"When the artist is alive in any person, he becomes an inventive, searching, daring, self-impressive creature. Where others close the book he opens it and shows that there are still more pages to see..." Robert Henry
My son Aaron played last night at war. He had arrayed a table full of objects into opposing forces. The golf tees were anti-scud missiles, the Lego pieces, heat seeking missiles; the batteries, nuclear bombs. Somehow in these first days of the assault on Iraq, although we don’t have a television set, he has absorbed the high technology vocabulary the American arsenal and begun to fantasize and to strategize upon it, in the same ethereal way that children learn, without being taught, the ancient games and rhymes. He was trading a stealth bomber for a ransom of missiles when I entered the room.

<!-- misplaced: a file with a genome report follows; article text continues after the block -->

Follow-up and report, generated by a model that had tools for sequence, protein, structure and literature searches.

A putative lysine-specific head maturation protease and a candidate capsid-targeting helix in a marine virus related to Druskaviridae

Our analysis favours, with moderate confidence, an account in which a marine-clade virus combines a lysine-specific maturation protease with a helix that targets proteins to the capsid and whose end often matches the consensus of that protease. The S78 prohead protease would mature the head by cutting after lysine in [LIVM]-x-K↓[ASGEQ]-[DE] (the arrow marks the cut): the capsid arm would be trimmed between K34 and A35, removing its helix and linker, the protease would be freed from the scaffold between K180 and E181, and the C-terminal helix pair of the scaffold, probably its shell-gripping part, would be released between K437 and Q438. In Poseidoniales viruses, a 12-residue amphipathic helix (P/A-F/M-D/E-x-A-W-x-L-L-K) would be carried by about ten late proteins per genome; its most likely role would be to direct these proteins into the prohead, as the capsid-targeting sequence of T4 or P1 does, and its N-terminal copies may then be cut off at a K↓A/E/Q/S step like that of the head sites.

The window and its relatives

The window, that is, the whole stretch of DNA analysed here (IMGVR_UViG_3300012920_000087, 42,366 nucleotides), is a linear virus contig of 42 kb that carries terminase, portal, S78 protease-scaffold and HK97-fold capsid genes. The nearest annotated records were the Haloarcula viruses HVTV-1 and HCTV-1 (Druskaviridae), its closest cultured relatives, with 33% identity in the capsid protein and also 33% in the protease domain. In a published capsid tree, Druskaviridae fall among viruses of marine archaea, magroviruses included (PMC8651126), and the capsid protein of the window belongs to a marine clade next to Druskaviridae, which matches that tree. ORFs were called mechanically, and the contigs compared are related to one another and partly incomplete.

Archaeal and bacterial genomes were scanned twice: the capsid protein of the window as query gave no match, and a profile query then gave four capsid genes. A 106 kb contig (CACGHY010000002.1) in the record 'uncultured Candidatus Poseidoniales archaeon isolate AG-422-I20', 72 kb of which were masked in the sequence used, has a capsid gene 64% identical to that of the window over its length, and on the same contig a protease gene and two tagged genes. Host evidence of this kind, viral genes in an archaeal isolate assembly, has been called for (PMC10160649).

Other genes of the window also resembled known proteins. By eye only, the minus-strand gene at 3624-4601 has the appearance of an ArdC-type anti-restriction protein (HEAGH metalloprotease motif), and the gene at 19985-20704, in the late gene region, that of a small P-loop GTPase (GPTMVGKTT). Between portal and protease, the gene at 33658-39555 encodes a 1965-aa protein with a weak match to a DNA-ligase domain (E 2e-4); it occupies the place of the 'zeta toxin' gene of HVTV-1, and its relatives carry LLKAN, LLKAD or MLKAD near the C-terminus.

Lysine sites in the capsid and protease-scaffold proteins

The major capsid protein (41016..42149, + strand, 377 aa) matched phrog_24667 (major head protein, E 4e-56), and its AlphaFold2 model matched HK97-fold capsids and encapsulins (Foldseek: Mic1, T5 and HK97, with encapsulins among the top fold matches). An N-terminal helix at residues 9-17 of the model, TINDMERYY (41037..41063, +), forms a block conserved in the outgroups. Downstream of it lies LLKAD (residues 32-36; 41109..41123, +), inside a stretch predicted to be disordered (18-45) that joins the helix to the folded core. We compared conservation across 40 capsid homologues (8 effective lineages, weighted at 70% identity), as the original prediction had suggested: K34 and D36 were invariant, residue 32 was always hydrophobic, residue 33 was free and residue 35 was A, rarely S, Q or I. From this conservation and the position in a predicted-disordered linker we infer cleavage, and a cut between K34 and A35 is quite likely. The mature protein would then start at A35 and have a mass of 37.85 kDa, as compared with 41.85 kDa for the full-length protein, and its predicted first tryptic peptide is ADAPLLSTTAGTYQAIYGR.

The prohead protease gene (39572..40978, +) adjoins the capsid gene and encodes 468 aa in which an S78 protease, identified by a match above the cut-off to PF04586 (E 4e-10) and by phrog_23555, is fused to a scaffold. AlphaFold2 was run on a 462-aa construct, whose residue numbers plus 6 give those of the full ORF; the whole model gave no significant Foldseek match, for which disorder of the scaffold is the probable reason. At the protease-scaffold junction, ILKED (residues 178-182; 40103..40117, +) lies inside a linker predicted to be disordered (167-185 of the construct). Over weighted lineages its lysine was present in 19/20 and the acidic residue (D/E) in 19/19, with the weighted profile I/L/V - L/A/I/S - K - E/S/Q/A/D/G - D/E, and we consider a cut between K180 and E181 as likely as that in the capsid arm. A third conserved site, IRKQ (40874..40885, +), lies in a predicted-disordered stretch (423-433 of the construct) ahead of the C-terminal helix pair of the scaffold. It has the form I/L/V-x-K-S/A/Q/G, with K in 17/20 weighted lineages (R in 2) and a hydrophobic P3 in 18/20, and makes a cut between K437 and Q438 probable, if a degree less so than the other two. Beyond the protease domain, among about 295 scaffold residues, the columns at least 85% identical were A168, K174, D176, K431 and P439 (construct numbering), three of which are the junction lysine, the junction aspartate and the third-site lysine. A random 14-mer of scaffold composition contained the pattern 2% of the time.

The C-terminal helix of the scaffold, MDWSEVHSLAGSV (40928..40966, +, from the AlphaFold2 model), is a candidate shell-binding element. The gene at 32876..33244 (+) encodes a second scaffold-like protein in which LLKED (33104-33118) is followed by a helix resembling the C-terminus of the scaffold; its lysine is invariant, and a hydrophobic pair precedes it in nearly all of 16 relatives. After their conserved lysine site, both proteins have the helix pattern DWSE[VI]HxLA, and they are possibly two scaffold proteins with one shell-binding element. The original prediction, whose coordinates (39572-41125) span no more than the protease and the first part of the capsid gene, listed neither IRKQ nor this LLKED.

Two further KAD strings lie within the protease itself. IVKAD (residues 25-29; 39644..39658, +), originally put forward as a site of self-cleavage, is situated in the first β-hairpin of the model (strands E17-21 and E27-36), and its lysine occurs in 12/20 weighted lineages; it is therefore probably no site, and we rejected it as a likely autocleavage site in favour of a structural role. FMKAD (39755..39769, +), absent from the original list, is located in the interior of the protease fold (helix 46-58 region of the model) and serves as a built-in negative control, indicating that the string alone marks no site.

The talk in the first days of the war was of the hope for an early peace, but equally of the hypnotic fascination of watching our technological wizardry play itself out on the television. It was powerful drama. People couldn’t get to bed, the war was so interesting. When Iraqi missiles landed in Tel Aviv the night before last, and three people died of fright, the journalists were on the ground to see it, suddenly there was a headline in the next morning’s newspaper about the hell of war. But the word “hell” has not once been used, in the written accounts I’ve seen, to describe any one of the 12,000-some sorties, as we say, that we have hurled against Iraq.